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Appeals court: Requests for modification don’t nullify foreclosure

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The Indiana Court of Appeals affirmed summary judgment in favor of a mortgage servicer despite the property owners’ attempts at modifying the mortgage.

Plaintiffs Jeff and Renee Ewing did not dispute evidence showing they had defaulted.

“The Ewings claim their designated evidence, consisting only of Jeff’s affidavit outlining the Ewings’ past attempts to modify the mortgage loan at issue, establishes a genuine issue of material fact,” Judge Cale Bradford wrote for the panel. “Because Jeff’s affidavit does not dispute the alleged default or otherwise support an ascertainable defense to U.S. Bank’s foreclosure, we conclude that summary judgment was appropriate.”

The Ewings also argued that their loan servicer failed to act in good faith and that settlement discussions were governed by the Indiana Alternative Dispute Resolution Rules. But the panel found those rules do not govern settlement discussions.

“Because the A.D.R. Rules did not govern the parties’ settlement discussions, the trial court did not err in dismissing the Ewings’ supplemental complaint for failure to state a claim,” Bradford wrote.

The case is Jeff L. Ewing and Renee Ewing, Household Finance Corporation III v. U.S. Bank, N.A., as Trustee for the Structured Asset Securities Corp., Series 2005-GEL4, 50A03-1308-MF-327.


 

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  1. KUDOS to the Indiana Supreme Court for realizing that some bureacracies need to go to the stake. Recall what RWR said: "No government ever voluntarily reduces itself in size. Government programs, once launched, never disappear. Actually, a government bureau is the nearest thing to eternal life we'll ever see on this earth!" NOW ... what next to this rare and inspiring chopping block? Well, the Commission on Gender and Race (but not religion!?!) is way overdue. And some other Board's could be cut with a positive for State and the reputation of the Indiana judiciary.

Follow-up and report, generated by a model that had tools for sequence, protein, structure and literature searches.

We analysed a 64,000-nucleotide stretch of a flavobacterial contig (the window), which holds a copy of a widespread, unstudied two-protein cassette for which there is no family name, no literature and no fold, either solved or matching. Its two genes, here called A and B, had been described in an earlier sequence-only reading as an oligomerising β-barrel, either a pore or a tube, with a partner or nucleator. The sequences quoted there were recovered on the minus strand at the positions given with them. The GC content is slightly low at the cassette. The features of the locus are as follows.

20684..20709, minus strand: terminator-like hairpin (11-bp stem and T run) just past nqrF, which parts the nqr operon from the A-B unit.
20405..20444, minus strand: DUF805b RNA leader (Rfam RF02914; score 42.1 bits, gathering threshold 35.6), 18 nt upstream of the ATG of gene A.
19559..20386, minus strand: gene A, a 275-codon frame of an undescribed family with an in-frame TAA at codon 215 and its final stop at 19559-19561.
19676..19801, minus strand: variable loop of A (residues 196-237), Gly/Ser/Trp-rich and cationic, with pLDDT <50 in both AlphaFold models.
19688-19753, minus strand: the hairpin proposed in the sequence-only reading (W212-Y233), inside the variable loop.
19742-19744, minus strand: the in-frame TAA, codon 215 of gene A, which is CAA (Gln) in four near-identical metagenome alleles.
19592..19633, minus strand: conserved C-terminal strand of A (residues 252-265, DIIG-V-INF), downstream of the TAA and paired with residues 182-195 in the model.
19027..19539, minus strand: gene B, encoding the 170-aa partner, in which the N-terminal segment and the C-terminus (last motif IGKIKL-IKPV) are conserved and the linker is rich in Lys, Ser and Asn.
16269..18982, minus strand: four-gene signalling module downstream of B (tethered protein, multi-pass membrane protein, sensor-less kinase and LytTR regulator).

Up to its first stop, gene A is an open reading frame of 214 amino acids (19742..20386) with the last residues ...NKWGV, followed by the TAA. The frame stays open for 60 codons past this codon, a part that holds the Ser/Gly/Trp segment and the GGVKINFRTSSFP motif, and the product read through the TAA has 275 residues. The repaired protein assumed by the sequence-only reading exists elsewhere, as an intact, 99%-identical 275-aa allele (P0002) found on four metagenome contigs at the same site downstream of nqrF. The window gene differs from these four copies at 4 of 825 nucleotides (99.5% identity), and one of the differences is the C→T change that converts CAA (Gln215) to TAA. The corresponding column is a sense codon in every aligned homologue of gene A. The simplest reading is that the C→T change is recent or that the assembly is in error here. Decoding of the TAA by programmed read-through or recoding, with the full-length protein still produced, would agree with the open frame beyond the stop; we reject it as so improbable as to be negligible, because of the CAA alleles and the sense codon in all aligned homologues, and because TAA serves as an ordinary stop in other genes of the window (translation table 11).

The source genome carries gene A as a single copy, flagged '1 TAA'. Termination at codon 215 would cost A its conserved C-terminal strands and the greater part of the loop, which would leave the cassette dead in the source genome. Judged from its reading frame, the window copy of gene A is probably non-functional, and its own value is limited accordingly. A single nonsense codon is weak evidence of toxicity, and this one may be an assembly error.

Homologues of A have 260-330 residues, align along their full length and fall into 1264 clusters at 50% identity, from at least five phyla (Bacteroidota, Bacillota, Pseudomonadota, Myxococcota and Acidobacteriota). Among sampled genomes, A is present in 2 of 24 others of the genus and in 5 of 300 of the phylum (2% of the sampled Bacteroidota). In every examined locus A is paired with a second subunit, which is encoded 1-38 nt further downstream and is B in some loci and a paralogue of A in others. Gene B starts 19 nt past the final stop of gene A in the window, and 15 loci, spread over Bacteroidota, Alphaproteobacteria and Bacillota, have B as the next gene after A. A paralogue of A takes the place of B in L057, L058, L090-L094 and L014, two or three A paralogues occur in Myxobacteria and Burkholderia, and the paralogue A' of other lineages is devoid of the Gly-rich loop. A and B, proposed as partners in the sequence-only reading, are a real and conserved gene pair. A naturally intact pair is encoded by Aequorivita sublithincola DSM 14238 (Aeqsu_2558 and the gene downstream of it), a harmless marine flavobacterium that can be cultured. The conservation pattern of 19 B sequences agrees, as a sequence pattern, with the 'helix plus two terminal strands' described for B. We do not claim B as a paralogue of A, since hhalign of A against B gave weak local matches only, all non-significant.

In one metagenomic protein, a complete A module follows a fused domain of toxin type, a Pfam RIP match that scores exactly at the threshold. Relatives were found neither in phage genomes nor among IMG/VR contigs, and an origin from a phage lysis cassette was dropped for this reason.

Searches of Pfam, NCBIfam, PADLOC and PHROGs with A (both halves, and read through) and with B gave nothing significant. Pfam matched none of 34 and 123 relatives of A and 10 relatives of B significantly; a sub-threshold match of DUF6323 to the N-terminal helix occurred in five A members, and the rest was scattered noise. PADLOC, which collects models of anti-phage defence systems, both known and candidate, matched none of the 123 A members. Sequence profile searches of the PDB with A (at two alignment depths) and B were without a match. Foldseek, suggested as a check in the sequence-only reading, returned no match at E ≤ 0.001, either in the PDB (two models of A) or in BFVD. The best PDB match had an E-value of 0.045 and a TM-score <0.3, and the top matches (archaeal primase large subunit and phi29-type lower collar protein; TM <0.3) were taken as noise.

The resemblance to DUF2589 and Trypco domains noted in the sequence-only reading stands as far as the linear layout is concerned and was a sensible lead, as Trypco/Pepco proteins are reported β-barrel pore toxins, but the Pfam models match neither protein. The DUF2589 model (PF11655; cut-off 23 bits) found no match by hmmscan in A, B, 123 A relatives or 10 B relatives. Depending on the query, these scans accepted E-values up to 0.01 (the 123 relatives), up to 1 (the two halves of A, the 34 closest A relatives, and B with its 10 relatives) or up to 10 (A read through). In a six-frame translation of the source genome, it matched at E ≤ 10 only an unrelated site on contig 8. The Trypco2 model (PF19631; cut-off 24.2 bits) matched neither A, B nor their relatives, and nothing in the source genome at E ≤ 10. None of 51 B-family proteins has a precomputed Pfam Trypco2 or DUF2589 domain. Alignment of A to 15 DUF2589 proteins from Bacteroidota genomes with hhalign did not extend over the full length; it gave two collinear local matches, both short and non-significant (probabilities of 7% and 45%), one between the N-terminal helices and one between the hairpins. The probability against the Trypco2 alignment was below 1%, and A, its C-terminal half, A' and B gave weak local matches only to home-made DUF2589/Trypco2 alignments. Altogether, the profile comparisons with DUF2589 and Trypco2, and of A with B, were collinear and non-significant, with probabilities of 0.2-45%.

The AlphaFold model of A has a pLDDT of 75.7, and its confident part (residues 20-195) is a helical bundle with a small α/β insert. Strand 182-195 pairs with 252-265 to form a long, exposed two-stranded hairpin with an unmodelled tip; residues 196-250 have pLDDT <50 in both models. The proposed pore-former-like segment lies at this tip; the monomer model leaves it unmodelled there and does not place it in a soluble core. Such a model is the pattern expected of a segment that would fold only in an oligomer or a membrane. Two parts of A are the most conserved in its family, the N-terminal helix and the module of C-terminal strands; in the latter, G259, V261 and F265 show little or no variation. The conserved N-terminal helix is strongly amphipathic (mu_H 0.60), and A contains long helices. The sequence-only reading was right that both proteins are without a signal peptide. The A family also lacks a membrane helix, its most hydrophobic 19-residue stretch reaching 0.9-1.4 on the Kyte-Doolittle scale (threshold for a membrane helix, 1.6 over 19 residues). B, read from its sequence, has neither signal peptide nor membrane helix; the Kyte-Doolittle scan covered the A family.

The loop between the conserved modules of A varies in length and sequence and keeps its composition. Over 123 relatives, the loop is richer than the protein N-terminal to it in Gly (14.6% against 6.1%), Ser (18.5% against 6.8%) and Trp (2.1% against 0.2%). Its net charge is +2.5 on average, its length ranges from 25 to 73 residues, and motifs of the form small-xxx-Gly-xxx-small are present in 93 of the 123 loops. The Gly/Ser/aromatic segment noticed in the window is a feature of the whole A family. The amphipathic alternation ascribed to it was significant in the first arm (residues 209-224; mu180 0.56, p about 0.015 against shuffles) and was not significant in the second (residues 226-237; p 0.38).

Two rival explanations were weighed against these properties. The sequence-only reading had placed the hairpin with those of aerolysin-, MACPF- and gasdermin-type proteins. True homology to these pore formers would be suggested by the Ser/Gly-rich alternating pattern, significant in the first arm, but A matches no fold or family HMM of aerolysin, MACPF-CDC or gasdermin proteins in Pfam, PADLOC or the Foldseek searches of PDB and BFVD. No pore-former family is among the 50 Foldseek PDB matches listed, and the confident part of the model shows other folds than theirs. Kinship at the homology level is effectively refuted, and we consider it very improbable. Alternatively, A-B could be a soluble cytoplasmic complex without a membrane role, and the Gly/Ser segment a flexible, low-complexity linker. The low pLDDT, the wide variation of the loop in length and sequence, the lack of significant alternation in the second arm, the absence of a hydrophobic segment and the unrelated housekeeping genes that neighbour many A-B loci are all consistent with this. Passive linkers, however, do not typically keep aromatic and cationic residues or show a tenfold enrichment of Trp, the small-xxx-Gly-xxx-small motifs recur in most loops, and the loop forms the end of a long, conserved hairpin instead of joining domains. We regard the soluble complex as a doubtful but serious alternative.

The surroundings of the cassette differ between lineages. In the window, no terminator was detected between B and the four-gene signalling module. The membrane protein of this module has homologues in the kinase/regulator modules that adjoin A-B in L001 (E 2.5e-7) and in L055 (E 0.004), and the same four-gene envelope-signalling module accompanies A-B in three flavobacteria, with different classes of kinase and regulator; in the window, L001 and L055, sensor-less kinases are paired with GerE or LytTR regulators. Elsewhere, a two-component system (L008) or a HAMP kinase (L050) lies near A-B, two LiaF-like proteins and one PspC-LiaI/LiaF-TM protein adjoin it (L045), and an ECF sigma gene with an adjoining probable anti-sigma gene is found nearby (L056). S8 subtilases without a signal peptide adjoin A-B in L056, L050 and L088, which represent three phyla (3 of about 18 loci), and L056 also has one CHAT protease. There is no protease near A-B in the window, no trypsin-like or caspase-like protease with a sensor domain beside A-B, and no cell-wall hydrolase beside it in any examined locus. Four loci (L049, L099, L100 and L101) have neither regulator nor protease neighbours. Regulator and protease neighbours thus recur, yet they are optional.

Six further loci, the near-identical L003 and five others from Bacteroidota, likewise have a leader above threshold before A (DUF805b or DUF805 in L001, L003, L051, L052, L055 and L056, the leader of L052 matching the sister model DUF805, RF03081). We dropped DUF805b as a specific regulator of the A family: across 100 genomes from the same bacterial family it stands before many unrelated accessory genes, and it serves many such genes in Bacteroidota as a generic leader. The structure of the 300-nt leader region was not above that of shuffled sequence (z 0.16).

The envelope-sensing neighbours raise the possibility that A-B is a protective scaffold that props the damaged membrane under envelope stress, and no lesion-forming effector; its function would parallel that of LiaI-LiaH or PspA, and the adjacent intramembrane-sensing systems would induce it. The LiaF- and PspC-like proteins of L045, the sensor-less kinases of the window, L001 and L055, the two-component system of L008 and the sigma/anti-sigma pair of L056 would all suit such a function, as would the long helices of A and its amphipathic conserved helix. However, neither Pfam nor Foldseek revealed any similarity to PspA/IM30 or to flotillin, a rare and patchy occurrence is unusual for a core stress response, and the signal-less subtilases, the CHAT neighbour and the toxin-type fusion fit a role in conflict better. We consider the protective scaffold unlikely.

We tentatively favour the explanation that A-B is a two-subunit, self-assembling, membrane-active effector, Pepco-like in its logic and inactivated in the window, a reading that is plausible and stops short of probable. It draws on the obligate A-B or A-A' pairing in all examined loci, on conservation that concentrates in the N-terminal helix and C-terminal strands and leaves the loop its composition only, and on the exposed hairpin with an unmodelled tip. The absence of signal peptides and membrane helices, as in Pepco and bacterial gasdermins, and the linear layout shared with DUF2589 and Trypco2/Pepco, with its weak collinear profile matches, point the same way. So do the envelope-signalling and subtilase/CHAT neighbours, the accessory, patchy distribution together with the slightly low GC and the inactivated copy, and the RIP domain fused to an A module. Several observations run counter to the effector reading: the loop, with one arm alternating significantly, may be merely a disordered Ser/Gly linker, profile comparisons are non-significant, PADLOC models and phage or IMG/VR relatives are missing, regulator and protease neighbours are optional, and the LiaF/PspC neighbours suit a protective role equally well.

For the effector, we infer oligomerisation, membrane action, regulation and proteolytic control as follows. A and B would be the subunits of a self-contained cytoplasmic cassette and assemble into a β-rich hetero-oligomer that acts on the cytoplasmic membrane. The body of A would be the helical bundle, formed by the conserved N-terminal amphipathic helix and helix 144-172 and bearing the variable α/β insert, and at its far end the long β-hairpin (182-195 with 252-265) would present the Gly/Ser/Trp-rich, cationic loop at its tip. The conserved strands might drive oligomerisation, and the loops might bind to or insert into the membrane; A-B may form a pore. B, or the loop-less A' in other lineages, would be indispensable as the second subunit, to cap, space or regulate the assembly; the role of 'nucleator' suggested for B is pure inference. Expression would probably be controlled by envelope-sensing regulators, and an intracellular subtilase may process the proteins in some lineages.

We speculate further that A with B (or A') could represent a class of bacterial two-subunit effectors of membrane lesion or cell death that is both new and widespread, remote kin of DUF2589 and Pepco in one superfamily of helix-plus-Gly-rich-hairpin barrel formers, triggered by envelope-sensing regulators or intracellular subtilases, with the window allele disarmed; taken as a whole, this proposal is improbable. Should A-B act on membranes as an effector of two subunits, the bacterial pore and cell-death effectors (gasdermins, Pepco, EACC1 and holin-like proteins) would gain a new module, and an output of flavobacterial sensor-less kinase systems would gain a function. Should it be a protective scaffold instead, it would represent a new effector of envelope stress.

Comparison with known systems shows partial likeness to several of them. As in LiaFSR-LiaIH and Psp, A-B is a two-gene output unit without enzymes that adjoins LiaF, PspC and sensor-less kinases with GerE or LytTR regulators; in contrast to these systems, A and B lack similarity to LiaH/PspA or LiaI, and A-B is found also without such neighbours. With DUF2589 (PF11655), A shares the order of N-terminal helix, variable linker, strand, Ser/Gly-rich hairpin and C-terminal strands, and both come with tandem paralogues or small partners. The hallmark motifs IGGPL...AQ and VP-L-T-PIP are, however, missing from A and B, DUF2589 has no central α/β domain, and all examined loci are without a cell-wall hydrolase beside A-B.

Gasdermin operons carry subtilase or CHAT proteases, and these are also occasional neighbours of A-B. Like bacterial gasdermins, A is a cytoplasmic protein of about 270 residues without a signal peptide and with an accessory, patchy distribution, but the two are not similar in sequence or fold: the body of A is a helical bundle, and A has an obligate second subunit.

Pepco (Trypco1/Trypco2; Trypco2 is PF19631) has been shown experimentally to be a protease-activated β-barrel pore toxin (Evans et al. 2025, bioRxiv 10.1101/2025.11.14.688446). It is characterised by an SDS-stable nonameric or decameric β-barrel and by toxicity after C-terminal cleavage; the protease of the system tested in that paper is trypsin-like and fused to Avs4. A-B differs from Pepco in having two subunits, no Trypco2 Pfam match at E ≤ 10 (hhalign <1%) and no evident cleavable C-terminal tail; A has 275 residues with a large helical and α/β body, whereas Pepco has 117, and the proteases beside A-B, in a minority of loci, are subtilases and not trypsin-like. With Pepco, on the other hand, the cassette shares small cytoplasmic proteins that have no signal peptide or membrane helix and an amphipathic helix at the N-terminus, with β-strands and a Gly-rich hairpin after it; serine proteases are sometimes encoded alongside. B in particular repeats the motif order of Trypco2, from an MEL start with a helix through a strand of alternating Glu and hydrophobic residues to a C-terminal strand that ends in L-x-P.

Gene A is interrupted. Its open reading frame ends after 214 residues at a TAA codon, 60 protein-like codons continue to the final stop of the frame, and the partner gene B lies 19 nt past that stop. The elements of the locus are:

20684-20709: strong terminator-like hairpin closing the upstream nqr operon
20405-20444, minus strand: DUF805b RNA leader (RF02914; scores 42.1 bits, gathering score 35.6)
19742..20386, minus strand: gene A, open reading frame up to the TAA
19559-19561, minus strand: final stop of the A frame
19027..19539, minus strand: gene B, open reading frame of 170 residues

2. During a visit where an informant with police wears audio and video, does the video necessary have to show hand to hand transaction of money and narcotics?

  3. I will agree with that as soon as law schools stop lying to prospective students about salaries and employment opportunities in the legal profession. There is no defense to the fraudulent numbers first year salaries they post to mislead people into going to law school.

  4. The sad thing is that no fish were thrown overboard The "greenhorn" who had never fished before those 5 days was interrogated for over 4 hours by 5 officers until his statement was illicited, "I don't want to go to prison....." The truth is that these fish were measured frozen off shore and thawed on shore. The FWC (state) officer did not know fish shrink, so the only reason that these fish could be bigger was a swap. There is no difference between a 19 1/2 fish or 19 3/4 fish, short fish is short fish, the ticket was written. In addition the FWC officer testified at trial, he does not measure fish in accordance with federal law. There was a document prepared by the FWC expert that said yes, fish shrink and if these had been measured correctly they averaged over 20 inches (offshore frozen). This was a smoke and mirror prosecution.

  5. I love this, Dave! Many congrats to you! We've come a long way from studying for the bar together! :)

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